New WNA report sees greater needs for fuel and power

September 12, 2023, 12:01PMANS Nuclear Cafe

According to the World Nuclear Association’s newly released Nuclear Fuel Report: Global Scenarios for Demand and Supply Availability 2023–2040, there will be more of an increased demand than previously anticipated for nuclear fuel services and nuclear power capacity over the next several years. The report notes that the increased need for nuclear energy is associated with government efforts to decarbonize energy supplies and achieve energy security as well as growing interest in deploying new large nuclear reactors and small modular reactors (SMRs). The report is available to order now.

Three scenarios: The WNA report presents three possible scenarios regarding nuclear fuel requirements. In the reference scenario, current government and utility targets and objectives are emphasized. In the lower scenario, delays in implementing current plans are assumed. In the upper scenario, the most favorable conditions are assumed in terms of achieving net-zero carbon targets and using nuclear energy to reach those targets.

Capacity and fuel: Based on the reference scenario, operable nuclear capacity will increase from the current 391 GWe to 686 GWe by 2040. This projected increase is 71 GWe greater than the WNA projection from 2021. The new lower scenario has nuclear capacity reaching 486 GWe by 2040, while the new upper scenario puts 2040 capacity at 931 GWe.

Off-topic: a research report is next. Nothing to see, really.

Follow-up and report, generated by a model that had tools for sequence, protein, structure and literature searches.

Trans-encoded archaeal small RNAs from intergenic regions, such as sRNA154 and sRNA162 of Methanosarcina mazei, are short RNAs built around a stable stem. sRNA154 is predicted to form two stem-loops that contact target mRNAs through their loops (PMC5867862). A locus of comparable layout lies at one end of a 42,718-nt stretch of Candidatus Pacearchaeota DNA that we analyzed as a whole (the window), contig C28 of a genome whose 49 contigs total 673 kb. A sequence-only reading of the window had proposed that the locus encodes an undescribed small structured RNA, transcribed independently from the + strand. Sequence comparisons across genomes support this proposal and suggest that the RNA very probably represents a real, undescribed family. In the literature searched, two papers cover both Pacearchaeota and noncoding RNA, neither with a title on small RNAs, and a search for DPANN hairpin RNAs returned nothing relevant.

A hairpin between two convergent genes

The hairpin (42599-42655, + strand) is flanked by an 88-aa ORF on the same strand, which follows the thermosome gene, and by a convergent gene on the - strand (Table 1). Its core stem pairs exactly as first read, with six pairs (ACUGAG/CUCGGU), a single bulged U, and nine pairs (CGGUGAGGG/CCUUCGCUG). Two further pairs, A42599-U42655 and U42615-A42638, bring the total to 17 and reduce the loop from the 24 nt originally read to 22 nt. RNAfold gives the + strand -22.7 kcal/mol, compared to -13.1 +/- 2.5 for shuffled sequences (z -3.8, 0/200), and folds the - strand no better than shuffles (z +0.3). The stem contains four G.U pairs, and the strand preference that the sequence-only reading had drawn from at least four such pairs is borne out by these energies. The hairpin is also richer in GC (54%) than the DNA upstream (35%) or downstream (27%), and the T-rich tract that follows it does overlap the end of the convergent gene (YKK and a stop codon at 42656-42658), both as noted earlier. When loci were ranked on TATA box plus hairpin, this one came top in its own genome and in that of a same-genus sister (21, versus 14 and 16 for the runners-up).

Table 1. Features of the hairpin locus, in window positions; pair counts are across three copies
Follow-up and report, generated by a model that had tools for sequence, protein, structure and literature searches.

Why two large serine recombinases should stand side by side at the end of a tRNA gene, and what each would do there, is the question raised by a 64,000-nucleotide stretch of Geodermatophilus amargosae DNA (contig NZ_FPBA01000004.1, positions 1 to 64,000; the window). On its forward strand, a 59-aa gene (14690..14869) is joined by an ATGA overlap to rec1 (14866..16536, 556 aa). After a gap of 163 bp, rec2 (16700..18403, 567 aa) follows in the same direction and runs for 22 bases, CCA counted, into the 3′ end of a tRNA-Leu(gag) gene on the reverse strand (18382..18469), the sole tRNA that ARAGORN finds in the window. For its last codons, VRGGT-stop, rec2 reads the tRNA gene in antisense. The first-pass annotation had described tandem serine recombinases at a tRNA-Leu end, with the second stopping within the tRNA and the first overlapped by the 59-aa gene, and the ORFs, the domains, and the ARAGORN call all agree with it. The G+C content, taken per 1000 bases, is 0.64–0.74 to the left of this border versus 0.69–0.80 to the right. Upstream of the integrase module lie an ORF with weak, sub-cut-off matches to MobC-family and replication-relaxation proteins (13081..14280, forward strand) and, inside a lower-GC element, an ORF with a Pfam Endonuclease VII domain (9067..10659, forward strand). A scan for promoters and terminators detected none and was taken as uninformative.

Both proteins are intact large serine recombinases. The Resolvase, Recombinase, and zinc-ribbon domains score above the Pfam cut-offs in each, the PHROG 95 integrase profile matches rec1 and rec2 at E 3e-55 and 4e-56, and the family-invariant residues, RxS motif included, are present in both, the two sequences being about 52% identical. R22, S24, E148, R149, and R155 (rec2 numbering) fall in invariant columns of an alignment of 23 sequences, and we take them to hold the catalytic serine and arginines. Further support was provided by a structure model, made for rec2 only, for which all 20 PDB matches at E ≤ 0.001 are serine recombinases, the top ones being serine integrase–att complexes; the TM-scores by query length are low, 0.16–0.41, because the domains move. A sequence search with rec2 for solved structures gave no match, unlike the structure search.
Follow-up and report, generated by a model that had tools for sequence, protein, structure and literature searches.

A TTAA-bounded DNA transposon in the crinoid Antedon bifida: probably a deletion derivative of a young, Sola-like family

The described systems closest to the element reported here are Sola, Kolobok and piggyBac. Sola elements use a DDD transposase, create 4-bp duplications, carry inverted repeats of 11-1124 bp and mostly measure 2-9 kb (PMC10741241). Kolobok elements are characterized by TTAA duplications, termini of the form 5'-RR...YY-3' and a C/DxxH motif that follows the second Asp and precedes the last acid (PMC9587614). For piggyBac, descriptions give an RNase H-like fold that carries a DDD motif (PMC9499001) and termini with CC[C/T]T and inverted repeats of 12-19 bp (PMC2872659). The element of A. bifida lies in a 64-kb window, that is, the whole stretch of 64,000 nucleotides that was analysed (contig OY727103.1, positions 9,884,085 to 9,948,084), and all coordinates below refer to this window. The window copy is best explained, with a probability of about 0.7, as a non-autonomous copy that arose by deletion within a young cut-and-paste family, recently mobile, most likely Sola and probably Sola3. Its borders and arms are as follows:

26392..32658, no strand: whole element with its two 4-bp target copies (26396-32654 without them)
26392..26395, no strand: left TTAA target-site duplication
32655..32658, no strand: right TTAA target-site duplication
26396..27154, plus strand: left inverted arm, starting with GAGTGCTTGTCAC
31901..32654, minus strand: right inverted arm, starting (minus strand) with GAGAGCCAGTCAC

In the reference scenario, reactor requirements for uranium fuel are projected to increase from about 65,650 metric tons of uranium (MTU) today to about 130,000 MTU by 2040. In the lower scenario, uranium requirements rise to nearly 87,000 MTU by 2040; and in the upper scenario, to 184,300 MTU by that time.

Operating lives: This year's report incorporates longer planned operating lifetimes for the reactors of the existing fleet than did the 2021 edition. That change is based on the announced actions of some governments to allow certain existing reactors to operate for as long as 60 or 80 years. Such extended lifetimes, which may apply to more than 140 reactors around the world, have been prompted mainly by concerns over economic issues, emission reduction targets, and energy security.

The new report also gives more relevance to the potential roles of SMRs, microreactors, and other advanced reactor designs, in which governments and utilities have shown increased interest. In the upper scenario, SMRs contribute as much as 10 percent of large-scale nuclear capacity by 2040, although the lower scenario places this capacity at only 0.4 percent.

Investment in production: In terms of uranium production, the new report generally projects that secondary sources of uranium—such as civil stockpiles held by utilities and governments, military warheads, and recycled uranium—will have a gradually diminishing role in the world market. The secondary supply may decrease from as much as 14 percent today to as little as 4 percent by 2050. Thus, primary production of uranium fuels from mines, conversion plants, and enrichment plants will require additional investment.

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